Birdsfoot trefoil is a common pea plant grown all over North America for feeding livestock and covering farm fields. Though common, it has a complicated flower, making it difficult to get inside to collect nectar or pollinate. Only bees can figure out how to enter a birdsfoot trefoil blossom and the honeybee is especially good at it.
When a honeybee lands on a birdsfoot trefoil blossom, it looks for nectar inside the top petal called the flag, because it has guiding lines pointing to its base, but the nectar isn’t there. While it stands on the fused side petals looking for nectar, the bee’s feet work the petals open exposing a keel petal inside. (See illustrated handout.)
When the bee steps down onto the keel, its weight triggers the keel to bounce down – like a trampoline, and the petals spread. Then the stamens inside the keel that are covered with pollen will pop up and dust the bee’s belly. If the bee has been to another blossom already, the pistol, which also touches the bees belly, gets a dose of the pollen already stuck there. Pollination has occurred!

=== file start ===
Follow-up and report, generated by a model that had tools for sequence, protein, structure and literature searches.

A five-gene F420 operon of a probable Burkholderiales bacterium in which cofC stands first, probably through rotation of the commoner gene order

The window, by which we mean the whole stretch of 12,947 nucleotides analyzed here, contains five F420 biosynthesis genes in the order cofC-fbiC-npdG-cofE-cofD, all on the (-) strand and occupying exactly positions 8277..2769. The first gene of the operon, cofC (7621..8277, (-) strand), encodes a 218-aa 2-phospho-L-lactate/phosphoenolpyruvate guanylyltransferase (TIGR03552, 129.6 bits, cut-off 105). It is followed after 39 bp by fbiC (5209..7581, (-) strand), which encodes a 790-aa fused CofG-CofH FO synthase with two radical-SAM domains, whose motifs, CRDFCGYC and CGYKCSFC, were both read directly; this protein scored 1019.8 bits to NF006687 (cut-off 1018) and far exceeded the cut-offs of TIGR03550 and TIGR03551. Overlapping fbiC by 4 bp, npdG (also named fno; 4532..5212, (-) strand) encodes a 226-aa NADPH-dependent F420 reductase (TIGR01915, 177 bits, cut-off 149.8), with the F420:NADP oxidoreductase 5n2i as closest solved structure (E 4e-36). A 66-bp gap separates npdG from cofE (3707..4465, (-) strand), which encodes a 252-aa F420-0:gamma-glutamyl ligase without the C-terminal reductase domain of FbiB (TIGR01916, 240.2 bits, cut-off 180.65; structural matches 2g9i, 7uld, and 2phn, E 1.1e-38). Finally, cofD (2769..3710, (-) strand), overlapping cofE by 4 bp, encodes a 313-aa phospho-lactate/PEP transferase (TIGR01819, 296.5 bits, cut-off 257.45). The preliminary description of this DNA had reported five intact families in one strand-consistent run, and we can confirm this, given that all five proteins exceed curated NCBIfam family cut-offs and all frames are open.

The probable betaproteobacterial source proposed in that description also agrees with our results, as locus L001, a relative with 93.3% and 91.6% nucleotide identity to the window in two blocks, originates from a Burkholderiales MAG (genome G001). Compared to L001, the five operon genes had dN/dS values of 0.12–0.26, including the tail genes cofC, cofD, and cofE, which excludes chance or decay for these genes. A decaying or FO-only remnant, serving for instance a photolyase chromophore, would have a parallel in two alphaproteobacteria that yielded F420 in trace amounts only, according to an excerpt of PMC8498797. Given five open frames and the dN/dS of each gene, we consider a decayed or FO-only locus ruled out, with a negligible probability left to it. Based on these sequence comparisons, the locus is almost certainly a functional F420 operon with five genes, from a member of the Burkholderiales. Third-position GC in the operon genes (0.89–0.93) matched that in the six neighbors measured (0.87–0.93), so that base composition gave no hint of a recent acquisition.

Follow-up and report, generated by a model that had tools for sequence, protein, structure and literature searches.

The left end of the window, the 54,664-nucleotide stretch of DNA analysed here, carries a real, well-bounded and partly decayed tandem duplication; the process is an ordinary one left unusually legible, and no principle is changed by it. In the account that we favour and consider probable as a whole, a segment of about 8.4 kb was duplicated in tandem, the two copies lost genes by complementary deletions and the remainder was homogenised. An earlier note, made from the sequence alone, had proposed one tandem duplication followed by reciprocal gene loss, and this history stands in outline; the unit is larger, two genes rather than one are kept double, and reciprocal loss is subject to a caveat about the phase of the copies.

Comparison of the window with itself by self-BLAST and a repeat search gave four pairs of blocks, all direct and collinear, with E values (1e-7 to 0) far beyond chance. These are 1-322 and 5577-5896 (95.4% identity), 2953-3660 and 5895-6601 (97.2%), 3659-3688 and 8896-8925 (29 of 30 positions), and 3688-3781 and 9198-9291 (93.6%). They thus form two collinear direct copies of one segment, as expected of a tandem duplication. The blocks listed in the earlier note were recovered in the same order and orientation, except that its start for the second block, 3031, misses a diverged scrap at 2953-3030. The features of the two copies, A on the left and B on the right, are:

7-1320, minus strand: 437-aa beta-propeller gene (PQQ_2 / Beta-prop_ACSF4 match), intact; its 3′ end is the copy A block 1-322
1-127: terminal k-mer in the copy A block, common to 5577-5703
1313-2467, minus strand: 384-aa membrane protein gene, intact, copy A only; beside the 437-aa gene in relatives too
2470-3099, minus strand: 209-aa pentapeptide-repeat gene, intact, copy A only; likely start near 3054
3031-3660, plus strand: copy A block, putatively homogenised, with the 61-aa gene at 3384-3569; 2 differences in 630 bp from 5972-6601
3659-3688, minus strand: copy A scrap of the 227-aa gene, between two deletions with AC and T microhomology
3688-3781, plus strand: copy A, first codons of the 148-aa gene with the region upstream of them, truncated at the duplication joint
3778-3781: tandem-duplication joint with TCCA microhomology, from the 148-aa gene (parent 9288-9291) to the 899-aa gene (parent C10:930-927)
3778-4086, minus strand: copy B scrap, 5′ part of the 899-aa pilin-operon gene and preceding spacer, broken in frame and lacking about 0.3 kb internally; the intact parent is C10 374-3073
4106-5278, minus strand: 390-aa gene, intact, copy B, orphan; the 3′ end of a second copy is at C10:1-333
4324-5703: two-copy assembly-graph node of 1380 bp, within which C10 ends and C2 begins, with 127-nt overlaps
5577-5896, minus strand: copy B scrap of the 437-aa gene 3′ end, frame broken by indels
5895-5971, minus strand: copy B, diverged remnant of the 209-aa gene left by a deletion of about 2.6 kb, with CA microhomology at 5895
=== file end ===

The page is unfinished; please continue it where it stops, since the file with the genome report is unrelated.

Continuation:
Some might wonder what the advantage is of having only one kind of insect to pollinate a plant. Why wouldn’t the plant want every insect that lands on it to pollinate it? One theory is that when a honeybee finds a flower where the nectar is ready, it signals the other bees and they all come to collect nectar at once so a lot of pollination occurs. A difficult flower makes it more likely that the nectar will be there for a visiting honeybee.
Can you think of any other reason why this plant is so pollinator specific?
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Amsel, Sheri. "Pollination Adaptations - Birdsfoot Trefoil" Exploring Nature Educational Resource ©2005-2021. September 24, 2021
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